Latest information puts the total bill at a staggering £750m, making it arguably the most expensive sporting stadium ever to be built – anyone who has tried to buy a house in London knows how expensive it can be.
But the cost of building a new national football stadium smacks of the ridiculous.
Consider this: the City of Manchester Stadium, used to host the recent Commonwealth Games and now being converted into a 48,000-seater for Manchester City Football Club cost £110m to build, while Cardiff’s 72,000-capacity Millennium Stadium, which has substituted for Wembley since 2000, cost a measly £121m.
And speaking of cost-cutting – Sunderland FC’s 48,000-seater Stadium of Light cost a paltry £23m!
But an even more frightening scenario awaits: in October 2000, the cost of the stadium was put at £660m, in July this year it had risen to £715m.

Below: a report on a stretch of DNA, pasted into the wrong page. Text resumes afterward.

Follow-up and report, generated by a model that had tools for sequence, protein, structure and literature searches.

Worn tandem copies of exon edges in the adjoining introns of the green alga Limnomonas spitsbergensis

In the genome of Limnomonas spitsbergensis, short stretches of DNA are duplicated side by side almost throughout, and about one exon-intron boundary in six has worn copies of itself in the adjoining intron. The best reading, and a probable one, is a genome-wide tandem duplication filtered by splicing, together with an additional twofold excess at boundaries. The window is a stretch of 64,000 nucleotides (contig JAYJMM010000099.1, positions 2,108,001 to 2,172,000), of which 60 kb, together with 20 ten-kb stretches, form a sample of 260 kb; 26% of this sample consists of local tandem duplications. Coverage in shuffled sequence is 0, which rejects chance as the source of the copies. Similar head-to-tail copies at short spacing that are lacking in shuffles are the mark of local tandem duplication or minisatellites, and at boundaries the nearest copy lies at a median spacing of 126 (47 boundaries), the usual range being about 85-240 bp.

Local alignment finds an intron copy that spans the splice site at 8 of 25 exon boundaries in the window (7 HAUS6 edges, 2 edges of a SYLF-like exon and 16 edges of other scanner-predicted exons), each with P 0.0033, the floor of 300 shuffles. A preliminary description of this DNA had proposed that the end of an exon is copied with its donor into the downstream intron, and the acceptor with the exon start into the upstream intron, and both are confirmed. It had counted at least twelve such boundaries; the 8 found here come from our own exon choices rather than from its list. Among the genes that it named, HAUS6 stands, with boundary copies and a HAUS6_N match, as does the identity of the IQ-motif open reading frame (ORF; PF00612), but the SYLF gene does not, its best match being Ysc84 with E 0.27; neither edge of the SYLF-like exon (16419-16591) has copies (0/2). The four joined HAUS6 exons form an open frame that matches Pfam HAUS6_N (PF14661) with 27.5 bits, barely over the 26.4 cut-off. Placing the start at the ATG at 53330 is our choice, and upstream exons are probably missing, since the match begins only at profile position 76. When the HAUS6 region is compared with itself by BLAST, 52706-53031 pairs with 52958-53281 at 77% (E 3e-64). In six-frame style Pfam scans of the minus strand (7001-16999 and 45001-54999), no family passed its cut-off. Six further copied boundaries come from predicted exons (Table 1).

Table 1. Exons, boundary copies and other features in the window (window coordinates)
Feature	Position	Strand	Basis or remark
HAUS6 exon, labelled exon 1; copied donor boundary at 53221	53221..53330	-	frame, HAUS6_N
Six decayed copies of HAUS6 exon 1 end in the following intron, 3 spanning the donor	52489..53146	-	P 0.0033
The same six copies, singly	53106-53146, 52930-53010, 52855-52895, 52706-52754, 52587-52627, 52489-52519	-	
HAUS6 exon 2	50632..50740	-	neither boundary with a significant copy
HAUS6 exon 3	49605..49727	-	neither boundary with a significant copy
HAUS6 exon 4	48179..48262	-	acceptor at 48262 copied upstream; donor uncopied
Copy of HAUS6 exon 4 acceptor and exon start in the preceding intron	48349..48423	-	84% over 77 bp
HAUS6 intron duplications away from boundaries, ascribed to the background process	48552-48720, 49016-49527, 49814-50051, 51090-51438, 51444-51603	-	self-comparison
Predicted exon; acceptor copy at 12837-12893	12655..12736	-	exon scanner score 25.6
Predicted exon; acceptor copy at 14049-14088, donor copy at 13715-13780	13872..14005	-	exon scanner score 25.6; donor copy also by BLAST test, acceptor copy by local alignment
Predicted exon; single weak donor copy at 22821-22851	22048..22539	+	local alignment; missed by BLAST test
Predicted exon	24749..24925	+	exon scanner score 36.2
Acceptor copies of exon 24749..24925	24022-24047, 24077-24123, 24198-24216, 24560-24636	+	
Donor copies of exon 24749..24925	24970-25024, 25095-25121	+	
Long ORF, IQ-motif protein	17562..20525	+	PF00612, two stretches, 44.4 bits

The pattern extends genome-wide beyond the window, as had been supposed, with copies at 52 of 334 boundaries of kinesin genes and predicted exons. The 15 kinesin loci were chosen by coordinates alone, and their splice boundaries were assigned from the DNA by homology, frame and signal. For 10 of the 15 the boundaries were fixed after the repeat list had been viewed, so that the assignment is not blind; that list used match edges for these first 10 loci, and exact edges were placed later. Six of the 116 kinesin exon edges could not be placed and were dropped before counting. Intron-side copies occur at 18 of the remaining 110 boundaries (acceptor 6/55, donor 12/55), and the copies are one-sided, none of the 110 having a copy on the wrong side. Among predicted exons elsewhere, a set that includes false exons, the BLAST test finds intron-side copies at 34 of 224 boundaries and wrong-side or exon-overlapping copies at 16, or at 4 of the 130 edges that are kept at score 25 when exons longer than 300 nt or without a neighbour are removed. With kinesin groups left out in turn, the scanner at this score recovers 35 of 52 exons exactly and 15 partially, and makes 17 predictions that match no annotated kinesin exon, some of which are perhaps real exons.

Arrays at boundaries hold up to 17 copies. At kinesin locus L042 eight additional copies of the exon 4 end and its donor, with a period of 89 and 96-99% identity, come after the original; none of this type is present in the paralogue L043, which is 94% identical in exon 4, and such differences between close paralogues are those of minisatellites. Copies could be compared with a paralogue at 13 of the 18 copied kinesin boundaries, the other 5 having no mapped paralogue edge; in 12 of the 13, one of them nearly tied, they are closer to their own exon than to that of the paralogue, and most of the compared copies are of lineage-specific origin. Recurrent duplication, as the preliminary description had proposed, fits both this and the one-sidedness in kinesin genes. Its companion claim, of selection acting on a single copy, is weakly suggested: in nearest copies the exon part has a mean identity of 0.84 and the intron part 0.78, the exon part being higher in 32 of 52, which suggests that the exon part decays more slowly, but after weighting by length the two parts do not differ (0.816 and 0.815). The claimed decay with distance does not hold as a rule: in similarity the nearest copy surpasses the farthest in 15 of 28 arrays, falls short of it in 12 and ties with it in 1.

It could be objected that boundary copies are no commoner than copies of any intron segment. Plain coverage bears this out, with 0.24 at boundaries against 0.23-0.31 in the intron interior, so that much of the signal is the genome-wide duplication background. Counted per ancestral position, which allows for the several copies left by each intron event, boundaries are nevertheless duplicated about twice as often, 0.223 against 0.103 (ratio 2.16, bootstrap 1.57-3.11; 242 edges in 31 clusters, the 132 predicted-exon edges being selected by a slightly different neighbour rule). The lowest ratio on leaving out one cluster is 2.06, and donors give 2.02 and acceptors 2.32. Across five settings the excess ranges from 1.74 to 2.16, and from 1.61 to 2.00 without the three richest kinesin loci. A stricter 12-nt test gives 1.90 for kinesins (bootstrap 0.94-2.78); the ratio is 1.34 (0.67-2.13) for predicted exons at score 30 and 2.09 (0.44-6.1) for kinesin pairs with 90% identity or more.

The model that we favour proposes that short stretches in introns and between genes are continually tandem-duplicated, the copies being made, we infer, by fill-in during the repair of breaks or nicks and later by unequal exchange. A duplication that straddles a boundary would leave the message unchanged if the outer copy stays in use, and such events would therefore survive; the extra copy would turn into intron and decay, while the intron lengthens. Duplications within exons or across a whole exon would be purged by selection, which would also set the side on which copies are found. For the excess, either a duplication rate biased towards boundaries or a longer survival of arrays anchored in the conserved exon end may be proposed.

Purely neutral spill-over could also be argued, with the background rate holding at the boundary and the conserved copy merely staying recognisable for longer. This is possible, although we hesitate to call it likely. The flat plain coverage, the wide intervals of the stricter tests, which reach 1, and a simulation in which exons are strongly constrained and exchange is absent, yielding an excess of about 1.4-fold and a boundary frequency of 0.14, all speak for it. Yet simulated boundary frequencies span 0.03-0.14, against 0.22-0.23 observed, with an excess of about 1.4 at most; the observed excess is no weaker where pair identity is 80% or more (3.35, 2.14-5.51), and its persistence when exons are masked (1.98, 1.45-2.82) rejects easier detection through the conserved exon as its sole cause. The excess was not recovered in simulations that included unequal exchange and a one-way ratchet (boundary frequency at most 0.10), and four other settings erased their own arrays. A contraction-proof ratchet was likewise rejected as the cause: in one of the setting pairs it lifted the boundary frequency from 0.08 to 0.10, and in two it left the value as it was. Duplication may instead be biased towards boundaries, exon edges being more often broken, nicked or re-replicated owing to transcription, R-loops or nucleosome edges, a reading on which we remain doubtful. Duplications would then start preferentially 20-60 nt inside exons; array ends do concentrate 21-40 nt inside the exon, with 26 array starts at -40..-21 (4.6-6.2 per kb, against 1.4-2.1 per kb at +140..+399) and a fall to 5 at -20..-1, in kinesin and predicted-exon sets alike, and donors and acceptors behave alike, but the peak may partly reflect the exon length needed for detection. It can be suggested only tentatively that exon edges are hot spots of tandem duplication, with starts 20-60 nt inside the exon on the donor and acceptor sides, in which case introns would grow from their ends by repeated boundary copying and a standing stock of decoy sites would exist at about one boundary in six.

Now it’s £750m. If politicians continue to squabble over Wembley for much longer, the prospect of the first ever £1bn football stadium does not seem like a far-fetched idea!
The EC has been instructed to draft a European Union (EU) directive authorising an EU financial transaction tax, which would apply to ten of the EU’s 28 member states
Accountancy watchdog the FRC has dropped its investigation into the former chief financial officer of Tesco, nearly two years after the supermarket was engulfed in an accounting scandal
Colin imagines how Apple's logo might change in the wake of the EC's ruling over its Irish tax arrangements
Charles Tilley's departure from CIMA leaves the accounting world quieter, but his institute with an exciting foundation